A mom’s guide to getting ready for winter travel
Guest post by Kris.
Flashback to 2001, when my husband and I were traveling 4 hours to visit family for Christmas. Out of nowhere, mild snow flurries became a full-on snowstorm so fast that the road crews couldn’t keep up. We were stranded on the interstate at night—along with hundreds of other travelers—with no forward movement for over two hours. As newlyweds it was a small inconvenience and an excuse to kiss between Christmas carols on the radio.
Flash forward to 2012. Two children and a (prepper) lifetime later, I realize that minor inconvenience today could result in a major meltdown—or worse. As a relatively new survival mom, I now carry items to ensure the comfort and safety of my family should my car (same one from 2001, plus about 195,000 miles) leave us stranded. Please note: NONE of this was on my radar at the time. But I couldn’t stop thinking about that snowstorm the first morning I had to scrape ice this fall. I’m now carrying:
72-hour kit — Food and water enough for the whole family, plus the basic fire-starting and survival tools you’d keep in a bug-out bag. Even if we don’t need to survive for days, a kid-friendly snack can be a big morale booster. Boredom plus low blood sugar equals meltdowns and multiplied stress. That’s math I’d rather not attempt. (P.S. My husband says carrying water is important, anyway, in case of an overheated radiator. Who knew?)
Complete first aid kit — I can’t tell you how many times I’ve doctored up other people’s kids at t-ball or soccer games from this trunk kit. I added some Celox just in case. And for my little guys, I got a version with tooth preservation gel. They only have two permanent teeth between them, but I’d really like to keep them. And if that snow storm causes a pile-up or ditch slide, we’ll have a few resources in case ambulances can’t get through.
Coveralls and blankets — I found these on clearance last summer and bought them a size up for the kids. In space bags, they nestle at the bottom of a clear bin in my trunk. I have also included a small case of “Hot Hands” instant warmers (like my husband takes hunting) just in case the battery dies or I run out of gas. Speaking of which…
At least a half tank of gas at all times
Waterproof hiking boots — I also have wool socks and snow shoes for the kids, in case we end up walking. Snow is sporadic in our area, so we don’t need these on a daily basis throughout the winter. Spare gloves and hats were $1 each at the dollar store. I got several identical sets so when we lose gloves one a time we don’t have to toss the remaining one; there’s always a matched pair. My five-year-old thinks I’m magical.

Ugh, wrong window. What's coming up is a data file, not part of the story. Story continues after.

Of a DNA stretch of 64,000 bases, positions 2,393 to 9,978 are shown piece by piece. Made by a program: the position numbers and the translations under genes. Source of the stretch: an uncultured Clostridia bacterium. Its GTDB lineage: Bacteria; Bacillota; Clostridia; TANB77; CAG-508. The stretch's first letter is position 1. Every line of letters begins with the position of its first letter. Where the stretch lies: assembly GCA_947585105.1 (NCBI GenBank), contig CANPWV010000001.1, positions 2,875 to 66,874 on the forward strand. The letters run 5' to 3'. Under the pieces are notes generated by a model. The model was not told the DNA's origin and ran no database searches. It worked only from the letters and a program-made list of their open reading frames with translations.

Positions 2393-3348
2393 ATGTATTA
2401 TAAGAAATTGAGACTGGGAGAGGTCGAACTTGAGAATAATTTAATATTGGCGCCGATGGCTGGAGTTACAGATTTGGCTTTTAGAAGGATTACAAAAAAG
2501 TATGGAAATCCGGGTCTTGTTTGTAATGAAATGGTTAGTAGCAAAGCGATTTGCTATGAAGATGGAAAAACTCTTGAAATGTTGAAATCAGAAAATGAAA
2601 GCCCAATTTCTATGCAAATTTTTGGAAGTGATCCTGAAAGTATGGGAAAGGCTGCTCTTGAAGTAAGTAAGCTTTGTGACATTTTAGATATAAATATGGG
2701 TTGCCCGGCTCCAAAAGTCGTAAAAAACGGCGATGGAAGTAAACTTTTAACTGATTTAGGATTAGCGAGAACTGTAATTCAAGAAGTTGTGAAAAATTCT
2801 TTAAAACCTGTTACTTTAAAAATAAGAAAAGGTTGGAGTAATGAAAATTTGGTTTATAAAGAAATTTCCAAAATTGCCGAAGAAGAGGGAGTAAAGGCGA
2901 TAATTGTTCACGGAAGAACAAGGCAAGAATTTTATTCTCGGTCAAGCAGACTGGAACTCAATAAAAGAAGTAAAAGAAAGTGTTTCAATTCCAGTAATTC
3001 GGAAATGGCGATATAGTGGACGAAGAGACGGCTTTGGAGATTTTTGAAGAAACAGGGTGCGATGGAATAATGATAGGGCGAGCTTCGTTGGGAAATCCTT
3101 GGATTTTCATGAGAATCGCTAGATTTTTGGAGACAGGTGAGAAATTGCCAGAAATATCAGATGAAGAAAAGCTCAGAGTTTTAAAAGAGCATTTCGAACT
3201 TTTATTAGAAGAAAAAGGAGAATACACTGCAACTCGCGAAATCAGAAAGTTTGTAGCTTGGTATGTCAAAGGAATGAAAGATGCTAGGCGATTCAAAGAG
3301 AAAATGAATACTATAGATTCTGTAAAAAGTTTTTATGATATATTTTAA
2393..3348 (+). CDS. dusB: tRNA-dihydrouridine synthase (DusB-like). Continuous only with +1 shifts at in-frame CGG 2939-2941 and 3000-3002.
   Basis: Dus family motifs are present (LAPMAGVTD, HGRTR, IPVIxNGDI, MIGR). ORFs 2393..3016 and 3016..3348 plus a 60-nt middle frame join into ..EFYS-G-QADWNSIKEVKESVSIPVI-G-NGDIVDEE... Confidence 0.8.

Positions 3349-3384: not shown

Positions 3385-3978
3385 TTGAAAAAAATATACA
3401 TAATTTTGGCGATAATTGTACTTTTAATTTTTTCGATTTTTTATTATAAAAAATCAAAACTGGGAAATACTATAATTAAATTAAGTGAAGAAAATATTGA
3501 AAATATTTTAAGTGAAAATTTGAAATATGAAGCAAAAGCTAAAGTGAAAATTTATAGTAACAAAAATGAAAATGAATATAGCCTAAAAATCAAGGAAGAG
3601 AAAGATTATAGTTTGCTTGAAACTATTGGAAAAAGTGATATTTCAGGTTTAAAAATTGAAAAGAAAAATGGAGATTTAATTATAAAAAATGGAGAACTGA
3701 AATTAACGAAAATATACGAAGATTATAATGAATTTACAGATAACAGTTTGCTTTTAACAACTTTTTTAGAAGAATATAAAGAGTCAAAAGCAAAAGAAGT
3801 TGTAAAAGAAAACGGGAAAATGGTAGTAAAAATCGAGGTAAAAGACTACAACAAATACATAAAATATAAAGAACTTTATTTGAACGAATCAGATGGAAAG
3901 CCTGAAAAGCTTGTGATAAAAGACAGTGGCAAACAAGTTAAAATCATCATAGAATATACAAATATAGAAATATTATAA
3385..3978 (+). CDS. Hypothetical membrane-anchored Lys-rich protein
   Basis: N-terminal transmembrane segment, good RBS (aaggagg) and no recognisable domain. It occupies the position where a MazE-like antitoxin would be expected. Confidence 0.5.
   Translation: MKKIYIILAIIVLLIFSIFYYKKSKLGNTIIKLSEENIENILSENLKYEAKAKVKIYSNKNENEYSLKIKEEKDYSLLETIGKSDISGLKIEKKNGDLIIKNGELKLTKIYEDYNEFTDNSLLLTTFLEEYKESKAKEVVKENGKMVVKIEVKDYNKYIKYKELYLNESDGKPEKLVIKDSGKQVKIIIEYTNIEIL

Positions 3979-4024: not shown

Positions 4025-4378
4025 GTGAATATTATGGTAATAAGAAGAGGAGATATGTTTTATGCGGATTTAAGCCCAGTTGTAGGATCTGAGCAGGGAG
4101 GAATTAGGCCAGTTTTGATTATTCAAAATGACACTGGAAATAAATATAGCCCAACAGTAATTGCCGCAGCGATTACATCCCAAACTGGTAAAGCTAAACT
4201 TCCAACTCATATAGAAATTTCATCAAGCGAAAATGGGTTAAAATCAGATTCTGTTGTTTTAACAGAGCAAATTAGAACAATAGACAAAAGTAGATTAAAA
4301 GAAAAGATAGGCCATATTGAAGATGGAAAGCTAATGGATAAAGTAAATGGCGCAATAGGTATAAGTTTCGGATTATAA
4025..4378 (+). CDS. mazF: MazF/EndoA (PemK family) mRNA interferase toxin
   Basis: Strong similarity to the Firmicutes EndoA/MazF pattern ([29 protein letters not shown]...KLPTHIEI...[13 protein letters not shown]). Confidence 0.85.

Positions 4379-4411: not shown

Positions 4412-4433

Lock de-icer and spray de-icer for the windshield — The slushy stuff can freeze fast when you’re immobile.
Power inverter and charger for the cell phone – I carry my laptop back and forth to work, so charging it could be a useful source of information in a prolonged stand-still. Plus, I can always pop in a DVD (stashed in the glove box) to minimize fighting in the back seat.
Yet another flashlight — They double as entertainment for restless kids. With one in my purse, one in the BOB (Bug Out Bag), and one in the glove compartment, we can make our own shadow puppets without cramping each other’s style.
Cash in small bills — This makes sense for any scenario. It might useful to buy gas from someone who would be willing to part with their spare can. (Hubby won’t let me drive with a full gas can in the trunk. Something about my lack of braking when I turn.)
Loaded pistol — “Helpless” mom with car trouble on the interstate? I refuse to be a victim. Check out this story.
Baby wipes and Kleenex —For runny noses, tears, and emergency bathrooming. An empty mason jar means Little Man and Ladybug will have a “Plan B” should we be stranded. I hate to think about anything more serious than a tinkle urge…maybe sacrifice the space bag?
I know I’m missing a back-up communication plan if the situation is more serious than a snowstorm. What other ideas should I incorporate? Any ideas for upgrades as my kids get older?
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